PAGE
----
[Letters] Improving adoption procedures

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[Letters] Improving adoption procedures

I am writing to you about an issue that is very close to my heart. As you would be aware the South Korean government is keen to shut down its international adoption program and to encourage support for domestic adoption within Korea.

To assist with this it has provided incentives for Koreans to adopt domestically, increased the age to 5 months of when a child can be available for overseas adoption and is now starting to delay the issue of exit permits and passports for the babies put up for international adoption.

The practice of encouraging domestic adoption is a positive one for the children of Korea.

However, the growth of domestic adoption in South Korea is not matching the number of babies currently available for adoption and as a result babies are staying in foster or institutional care for longer than they should be.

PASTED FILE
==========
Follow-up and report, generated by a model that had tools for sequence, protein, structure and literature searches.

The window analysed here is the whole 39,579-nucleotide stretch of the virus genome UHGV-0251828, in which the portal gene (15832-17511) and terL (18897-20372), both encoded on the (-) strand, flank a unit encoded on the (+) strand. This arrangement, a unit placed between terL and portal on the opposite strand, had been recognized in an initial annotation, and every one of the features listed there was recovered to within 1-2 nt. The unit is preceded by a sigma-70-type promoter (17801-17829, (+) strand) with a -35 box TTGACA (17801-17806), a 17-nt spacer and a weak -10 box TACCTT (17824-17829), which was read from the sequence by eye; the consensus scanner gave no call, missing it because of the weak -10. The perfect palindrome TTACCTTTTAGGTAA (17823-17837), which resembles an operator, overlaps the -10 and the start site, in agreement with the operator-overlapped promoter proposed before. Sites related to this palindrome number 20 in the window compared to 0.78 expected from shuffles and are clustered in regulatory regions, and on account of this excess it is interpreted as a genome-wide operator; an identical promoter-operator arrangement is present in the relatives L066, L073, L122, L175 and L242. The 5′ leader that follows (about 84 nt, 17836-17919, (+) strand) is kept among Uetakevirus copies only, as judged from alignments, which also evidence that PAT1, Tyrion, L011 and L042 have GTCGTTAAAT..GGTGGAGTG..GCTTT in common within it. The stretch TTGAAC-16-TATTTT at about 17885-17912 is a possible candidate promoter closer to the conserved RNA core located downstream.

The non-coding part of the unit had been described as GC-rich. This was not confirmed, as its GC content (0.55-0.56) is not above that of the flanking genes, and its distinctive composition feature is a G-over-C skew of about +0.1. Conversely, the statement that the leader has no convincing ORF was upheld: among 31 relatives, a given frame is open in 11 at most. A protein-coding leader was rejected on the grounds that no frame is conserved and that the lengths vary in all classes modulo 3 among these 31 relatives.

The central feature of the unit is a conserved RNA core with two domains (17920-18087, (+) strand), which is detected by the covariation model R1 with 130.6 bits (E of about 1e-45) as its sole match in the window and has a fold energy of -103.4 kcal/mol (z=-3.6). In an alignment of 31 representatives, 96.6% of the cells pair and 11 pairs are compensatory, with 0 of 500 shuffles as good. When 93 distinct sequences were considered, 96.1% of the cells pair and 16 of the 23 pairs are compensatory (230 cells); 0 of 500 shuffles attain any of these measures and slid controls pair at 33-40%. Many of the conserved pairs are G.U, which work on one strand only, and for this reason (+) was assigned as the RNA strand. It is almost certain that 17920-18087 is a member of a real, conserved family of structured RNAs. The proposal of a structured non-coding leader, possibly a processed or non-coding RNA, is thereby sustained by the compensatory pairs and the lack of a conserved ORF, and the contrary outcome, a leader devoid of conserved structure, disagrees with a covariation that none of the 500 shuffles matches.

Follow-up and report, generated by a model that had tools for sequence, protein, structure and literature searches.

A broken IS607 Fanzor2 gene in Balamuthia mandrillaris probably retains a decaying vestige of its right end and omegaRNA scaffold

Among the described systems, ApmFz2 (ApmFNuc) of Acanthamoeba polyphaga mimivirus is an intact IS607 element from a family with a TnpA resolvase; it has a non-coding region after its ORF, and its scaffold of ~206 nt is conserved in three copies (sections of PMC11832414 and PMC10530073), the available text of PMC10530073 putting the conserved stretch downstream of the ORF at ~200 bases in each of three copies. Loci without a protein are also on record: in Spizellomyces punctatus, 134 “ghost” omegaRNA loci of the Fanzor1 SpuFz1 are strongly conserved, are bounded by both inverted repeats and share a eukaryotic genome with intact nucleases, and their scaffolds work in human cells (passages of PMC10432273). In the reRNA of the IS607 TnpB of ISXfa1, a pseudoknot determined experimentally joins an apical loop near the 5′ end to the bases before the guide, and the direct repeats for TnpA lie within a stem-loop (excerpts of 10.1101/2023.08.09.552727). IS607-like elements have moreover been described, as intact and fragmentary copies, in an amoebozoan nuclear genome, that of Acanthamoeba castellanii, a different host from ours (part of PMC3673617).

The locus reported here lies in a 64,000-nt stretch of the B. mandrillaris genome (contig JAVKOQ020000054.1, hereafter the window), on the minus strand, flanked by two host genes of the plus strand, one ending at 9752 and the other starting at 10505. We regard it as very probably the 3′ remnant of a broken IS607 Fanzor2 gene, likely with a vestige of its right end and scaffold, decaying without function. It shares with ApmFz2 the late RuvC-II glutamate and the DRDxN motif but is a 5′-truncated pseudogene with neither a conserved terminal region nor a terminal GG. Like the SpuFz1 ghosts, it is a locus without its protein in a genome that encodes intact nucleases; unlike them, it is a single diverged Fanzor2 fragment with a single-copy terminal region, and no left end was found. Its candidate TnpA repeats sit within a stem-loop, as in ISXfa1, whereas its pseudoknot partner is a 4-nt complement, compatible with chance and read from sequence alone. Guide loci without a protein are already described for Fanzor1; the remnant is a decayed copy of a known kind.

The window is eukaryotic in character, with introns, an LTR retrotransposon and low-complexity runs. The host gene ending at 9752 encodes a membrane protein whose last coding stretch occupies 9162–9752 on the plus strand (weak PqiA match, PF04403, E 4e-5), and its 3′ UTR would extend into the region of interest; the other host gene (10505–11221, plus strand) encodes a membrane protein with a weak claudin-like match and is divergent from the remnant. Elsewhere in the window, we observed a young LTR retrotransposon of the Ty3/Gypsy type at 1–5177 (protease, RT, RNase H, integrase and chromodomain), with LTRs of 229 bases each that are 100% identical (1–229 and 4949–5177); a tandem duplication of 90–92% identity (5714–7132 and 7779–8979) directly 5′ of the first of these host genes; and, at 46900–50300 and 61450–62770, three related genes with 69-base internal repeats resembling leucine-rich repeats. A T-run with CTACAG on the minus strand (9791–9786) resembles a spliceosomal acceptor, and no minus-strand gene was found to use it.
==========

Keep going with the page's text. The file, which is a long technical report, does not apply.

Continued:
This is not positive for the children of South Korea. The government needs to put in place some interim measures until domestic adoption is at the level required. These measures include to expedite the exit process once a child is available for international adoption as the younger the child is when they are adopted into their family the easier the transition is for the child.

I am a mother to four children, two of whom we have adopted from Korea. Our youngest child, Yoo Bhin who is six months old, is waiting for us in South Korea and we have been told that the wait is up to six months due to the delay in our adoption agency being able to get an exit permit for our son.

Whilst I am supportive of what the Korean government is trying to do in encouraging domestic adoption, I do not believe that it is fair for our son that he has to wait up to a year before he can be with us. I therefore ask your readers to help my son and other children of South Korea who are to be adopted internationally be placed with their families as soon as possible by encouraging the government to expedite the exit process once a child has been allocated overseas.

Kathryn Ker,

finance manager in Australia
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